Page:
An enlistee said camo-covered Bibles were displayed at a military entrance processing station. (Appignani Humanist Legal Center)
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A recent enlistee in the Missouri National Guard said he felt pressured into taking a camouflage Bible that was available in the waiting room of a military entrance processing station — and a humanist group to which he belongs has threatened a lawsuit.
The Appignani Humanist Legal Center, the legal arm of the American Humanist Association — motto: “Good without a god” — sent a letter Monday to the Missouri National Guard and to officials within the General Services Administration, which oversees the St. Louis building that houses the MEPS. It states that “the government is violating the First Amendment by assisting in the distribution of Gideon Bibles to military recruits,” and that the letter’s recipients should send a plan of action to rectify the situation to the AHLC’s lawyer within two weeks “to avoid legal action.”
The lawyer, Monica Miller, said her client would neither identify himself nor speak with Army Times. She did say he was an AHA member, however, and forwarded his emailed response to questions Wednesday, in which he expressed concerns over retribution.
“Many people had taken the religious literature including recruits as well as those beginning the enlistment procedures,” he wrote of his experience, which the letter says took place last month. “I was not approached by anyone with the literature, though it was quite prominently displayed on the shelf.”
U.S. Military Entrance Processing Command allows “nonfederal entities” to distribute materials in their offices, spokeswoman Christine Parker said, but has no umbrella policies regarding what those materials can contain, leaving their contents to the discretion of the individual location commander.
However, she said, “the government wasn’t offering [the Bibles]. They may have been present, but we weren’t offering them, because that would be against our policy.”
Parker referred follow-up questions to a spokesman at the Office of the Secretary of Defense, who issued a statement late Wednesday.
“Non-Federal entities may request and when authorized in writing by the unit commander may place secular or religious literature for use (including, but not limited to, Bibles, pamphlets, tracts, and texts) in a location on the base or recruiting station designated by the commander,” Lt. Cmdr. Nathan Christensen said in part. “Should the presence of any provided material adversely impact the accomplishment of the mission, the commander has the discretion to remove all literature that threatens good order and discipline.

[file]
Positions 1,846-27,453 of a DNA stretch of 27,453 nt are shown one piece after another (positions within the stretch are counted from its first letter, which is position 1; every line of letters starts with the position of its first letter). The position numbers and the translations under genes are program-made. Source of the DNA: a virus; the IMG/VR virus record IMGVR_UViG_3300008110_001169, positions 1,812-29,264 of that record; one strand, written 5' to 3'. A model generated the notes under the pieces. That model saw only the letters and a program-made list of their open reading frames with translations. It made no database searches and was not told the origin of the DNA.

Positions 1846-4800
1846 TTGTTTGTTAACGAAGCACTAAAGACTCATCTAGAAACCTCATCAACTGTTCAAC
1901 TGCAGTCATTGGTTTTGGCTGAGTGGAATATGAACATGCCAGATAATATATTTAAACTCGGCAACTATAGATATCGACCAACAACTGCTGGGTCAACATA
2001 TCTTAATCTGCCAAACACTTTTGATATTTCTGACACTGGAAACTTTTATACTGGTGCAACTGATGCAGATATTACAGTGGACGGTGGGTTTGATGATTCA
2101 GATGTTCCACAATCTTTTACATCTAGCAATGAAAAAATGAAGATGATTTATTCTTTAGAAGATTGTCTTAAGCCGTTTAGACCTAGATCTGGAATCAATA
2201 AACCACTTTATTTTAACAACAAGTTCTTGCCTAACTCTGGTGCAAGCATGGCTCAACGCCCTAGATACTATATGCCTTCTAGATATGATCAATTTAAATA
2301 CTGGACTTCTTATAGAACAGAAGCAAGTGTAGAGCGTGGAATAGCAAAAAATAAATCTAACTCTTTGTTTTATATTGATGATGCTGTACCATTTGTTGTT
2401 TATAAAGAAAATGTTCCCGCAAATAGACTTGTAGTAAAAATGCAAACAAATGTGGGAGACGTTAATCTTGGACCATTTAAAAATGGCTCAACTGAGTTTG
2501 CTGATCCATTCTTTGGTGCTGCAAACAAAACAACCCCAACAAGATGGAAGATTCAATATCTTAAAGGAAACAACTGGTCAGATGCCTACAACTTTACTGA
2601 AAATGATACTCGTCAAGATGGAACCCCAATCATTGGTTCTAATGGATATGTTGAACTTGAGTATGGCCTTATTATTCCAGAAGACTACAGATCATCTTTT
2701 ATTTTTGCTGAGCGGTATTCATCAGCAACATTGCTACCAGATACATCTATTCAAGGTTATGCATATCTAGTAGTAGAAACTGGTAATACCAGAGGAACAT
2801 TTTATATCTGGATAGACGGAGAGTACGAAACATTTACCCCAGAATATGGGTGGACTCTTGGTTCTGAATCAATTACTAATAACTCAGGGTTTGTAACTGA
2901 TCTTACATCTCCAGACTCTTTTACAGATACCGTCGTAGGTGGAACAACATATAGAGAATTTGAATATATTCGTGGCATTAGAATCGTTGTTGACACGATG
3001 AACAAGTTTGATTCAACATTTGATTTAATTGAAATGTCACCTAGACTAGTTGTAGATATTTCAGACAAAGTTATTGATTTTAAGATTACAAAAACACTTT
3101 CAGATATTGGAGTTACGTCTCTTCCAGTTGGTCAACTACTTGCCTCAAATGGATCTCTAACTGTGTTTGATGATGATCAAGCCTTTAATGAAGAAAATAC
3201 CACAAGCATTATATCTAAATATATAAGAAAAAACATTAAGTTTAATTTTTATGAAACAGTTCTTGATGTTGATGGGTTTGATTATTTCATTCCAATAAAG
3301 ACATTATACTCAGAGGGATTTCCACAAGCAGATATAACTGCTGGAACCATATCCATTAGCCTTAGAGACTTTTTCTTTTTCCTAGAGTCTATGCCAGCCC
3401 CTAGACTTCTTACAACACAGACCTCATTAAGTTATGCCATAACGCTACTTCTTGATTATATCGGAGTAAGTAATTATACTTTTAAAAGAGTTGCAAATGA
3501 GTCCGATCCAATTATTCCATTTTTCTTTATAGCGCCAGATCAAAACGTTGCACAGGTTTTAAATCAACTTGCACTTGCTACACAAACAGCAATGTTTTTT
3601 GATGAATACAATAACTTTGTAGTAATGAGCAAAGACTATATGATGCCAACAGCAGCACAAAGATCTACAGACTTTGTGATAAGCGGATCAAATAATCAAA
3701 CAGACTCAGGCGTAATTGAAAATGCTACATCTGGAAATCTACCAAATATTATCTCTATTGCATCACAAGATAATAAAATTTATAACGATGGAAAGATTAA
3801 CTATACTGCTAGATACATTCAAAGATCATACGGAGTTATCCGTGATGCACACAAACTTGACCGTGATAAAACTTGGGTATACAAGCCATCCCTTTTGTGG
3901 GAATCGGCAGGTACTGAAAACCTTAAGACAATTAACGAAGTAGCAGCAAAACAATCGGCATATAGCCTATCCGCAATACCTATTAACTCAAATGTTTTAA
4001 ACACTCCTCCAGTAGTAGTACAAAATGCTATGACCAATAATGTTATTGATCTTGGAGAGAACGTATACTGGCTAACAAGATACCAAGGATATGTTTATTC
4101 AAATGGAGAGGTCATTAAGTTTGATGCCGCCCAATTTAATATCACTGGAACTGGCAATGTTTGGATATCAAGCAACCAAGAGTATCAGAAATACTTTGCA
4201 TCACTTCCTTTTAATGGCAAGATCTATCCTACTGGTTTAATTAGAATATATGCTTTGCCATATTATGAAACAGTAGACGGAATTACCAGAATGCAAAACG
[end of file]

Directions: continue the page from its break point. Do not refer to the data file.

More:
“In this particular case, guidance is provided by Army Regulation 165-1 which allows for the display of religious materials, including bibles.”
Miller questioned whether the policy as described by Parker created a true “open forum” for an array of groups to display their materials, and said the chance to provide such materials in that setting had been poorly publicized.
“If they really want to maintain an open forum, they have to really make known that there is one,” she said.
The enlistee assumed the religious books — some with the New and Old testaments, some with just the New — were provided by the government, Miller said, because they were displayed without any explanation.
MEPS received the humanist group’s letter from the Missouri National Guard, Parker said. The letter states that the incident took place “on a floor in which the Missouri National Guard operates,” but there is no Guard office in the building.
The new enlistee said no uniformed personnel directed him toward the literature, and he did not mention the materials to any officials during his time at the MEPS.
“I did not speak to anyone as not to cause any problems that day,” he wrote. “Enlisting for the National Guard was important to me. The last thing I would do is ruin that by allowing myself to be discriminated against. Those Bibles would not be there if a prejudice didn’t exist.”
The nine-page letter includes what’s labeled as a photo of the Bible in question and cites multiple legal cases in support of its contention. Miller said Wednesday that her office had yet to receive a response.